Nigeria: Heavy Rain Returns to UAE, Prompting Closure of Schools and Offices

Nigeria: Heavy Rain Returns to UAE, Prompting Closure of Schools and Offices

By Zuleihat Owuiye, Mamos Nigeria

Thursday saw the United Arab Emirates (UAE) grappling with heavy rainfall once again, prompting the closure of schools and numerous offices across the country. Just two weeks after experiencing record-breaking downpours, attributed by experts to climate change, the desert nation found itself facing another onslaught of inclement weather.

The National Center of Meteorology reported a lightning storm accompanied by strong winds that swept through the oil-rich monarchy overnight, resulting in over 50 millimeters (two inches) of rainfall in certain areas by 8:00 am. Floods were observed in parts of the financial center, Dubai, where the city’s bustling airport, renowned as the world’s busiest for international passenger traffic, had to cancel 13 flights and divert five others.

Major airlines like Emirates and flydubai cautioned passengers about potential delays, while educational institutions transitioned to remote learning and governmental offices shut down. Despite the disruption caused by the rainfall, it did not reach the catastrophic levels witnessed on April 16, when a historic 259.5 mm of rain claimed four lives, paralyzed major thoroughfares for days, and led to the cancellation of over 2,000 flights.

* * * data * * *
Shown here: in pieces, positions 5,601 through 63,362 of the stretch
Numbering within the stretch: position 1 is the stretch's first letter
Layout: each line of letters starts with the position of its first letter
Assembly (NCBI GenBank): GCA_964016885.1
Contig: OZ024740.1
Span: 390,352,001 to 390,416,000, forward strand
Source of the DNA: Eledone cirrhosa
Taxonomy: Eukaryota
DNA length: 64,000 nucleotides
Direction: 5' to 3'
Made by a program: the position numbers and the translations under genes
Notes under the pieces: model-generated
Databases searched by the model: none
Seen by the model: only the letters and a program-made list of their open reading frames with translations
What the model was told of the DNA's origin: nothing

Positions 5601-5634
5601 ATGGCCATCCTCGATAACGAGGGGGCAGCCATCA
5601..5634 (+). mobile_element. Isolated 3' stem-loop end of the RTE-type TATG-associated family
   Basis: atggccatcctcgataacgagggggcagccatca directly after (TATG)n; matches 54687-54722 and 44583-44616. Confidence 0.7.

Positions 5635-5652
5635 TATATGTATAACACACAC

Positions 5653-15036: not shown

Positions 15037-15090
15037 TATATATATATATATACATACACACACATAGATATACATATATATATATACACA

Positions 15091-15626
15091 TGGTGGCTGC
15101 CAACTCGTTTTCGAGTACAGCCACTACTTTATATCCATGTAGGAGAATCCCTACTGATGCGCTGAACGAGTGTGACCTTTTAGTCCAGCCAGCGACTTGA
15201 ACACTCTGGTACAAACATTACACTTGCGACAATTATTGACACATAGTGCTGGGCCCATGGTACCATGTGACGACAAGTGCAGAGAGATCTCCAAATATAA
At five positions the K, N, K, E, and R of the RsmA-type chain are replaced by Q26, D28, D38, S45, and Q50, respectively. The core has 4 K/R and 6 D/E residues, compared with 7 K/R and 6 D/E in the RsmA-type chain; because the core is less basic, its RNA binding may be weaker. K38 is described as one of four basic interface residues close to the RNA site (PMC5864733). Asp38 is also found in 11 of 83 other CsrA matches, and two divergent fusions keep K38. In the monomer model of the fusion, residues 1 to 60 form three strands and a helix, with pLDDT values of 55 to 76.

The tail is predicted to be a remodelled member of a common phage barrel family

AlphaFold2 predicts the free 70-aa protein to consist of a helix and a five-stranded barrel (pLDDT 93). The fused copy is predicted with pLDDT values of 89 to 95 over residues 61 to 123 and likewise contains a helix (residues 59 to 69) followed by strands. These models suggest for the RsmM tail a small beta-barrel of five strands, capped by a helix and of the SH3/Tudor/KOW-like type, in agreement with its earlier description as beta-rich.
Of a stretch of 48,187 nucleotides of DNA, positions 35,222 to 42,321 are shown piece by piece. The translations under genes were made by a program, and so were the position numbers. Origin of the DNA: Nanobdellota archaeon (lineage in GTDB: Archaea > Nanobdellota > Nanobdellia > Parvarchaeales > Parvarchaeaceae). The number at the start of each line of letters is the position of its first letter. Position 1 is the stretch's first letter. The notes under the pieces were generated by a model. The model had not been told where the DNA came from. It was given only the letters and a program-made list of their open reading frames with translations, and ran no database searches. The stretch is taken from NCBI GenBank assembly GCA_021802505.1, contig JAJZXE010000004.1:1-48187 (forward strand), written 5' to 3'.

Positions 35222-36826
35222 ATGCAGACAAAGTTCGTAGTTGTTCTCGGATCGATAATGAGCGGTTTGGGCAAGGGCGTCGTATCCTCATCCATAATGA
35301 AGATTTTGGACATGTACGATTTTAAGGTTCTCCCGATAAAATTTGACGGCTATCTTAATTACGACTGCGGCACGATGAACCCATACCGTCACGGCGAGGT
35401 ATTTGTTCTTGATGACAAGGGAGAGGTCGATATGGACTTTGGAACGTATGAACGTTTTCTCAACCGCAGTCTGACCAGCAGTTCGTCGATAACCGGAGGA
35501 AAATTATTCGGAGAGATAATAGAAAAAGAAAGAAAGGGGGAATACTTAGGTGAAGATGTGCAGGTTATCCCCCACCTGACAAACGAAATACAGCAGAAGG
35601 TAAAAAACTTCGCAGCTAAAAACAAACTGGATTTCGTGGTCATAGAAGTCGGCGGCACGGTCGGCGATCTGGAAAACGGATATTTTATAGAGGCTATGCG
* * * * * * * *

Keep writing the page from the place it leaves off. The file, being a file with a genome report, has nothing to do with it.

On Thursday, the typically congested highways of Dubai were eerily deserted, with abandoned vehicles dotting flooded roads near prominent landmarks like the Ibn Battuta mall. To alleviate the inundation, authorities deployed water-pumping trucks in several affected areas, a common measure given Dubai’s drainage infrastructure’s limitations during heavy rainfall.

Last month’s deluge, which also resulted in 21 fatalities in neighboring Oman, marked the UAE’s most severe rainfall event since records began in 1949. Scientists from the World Weather Attribution network, specializing in assessing climate change’s impact on extreme weather phenomena, concluded that the unprecedented rainfall was “most likely” exacerbated by global warming fueled by the combustion of fossil fuels.

Despite the challenges posed by such weather events, the UAE continues to grapple with their aftermath, emphasizing the importance of climate action and resilient infrastructure in the face of escalating climate risks.

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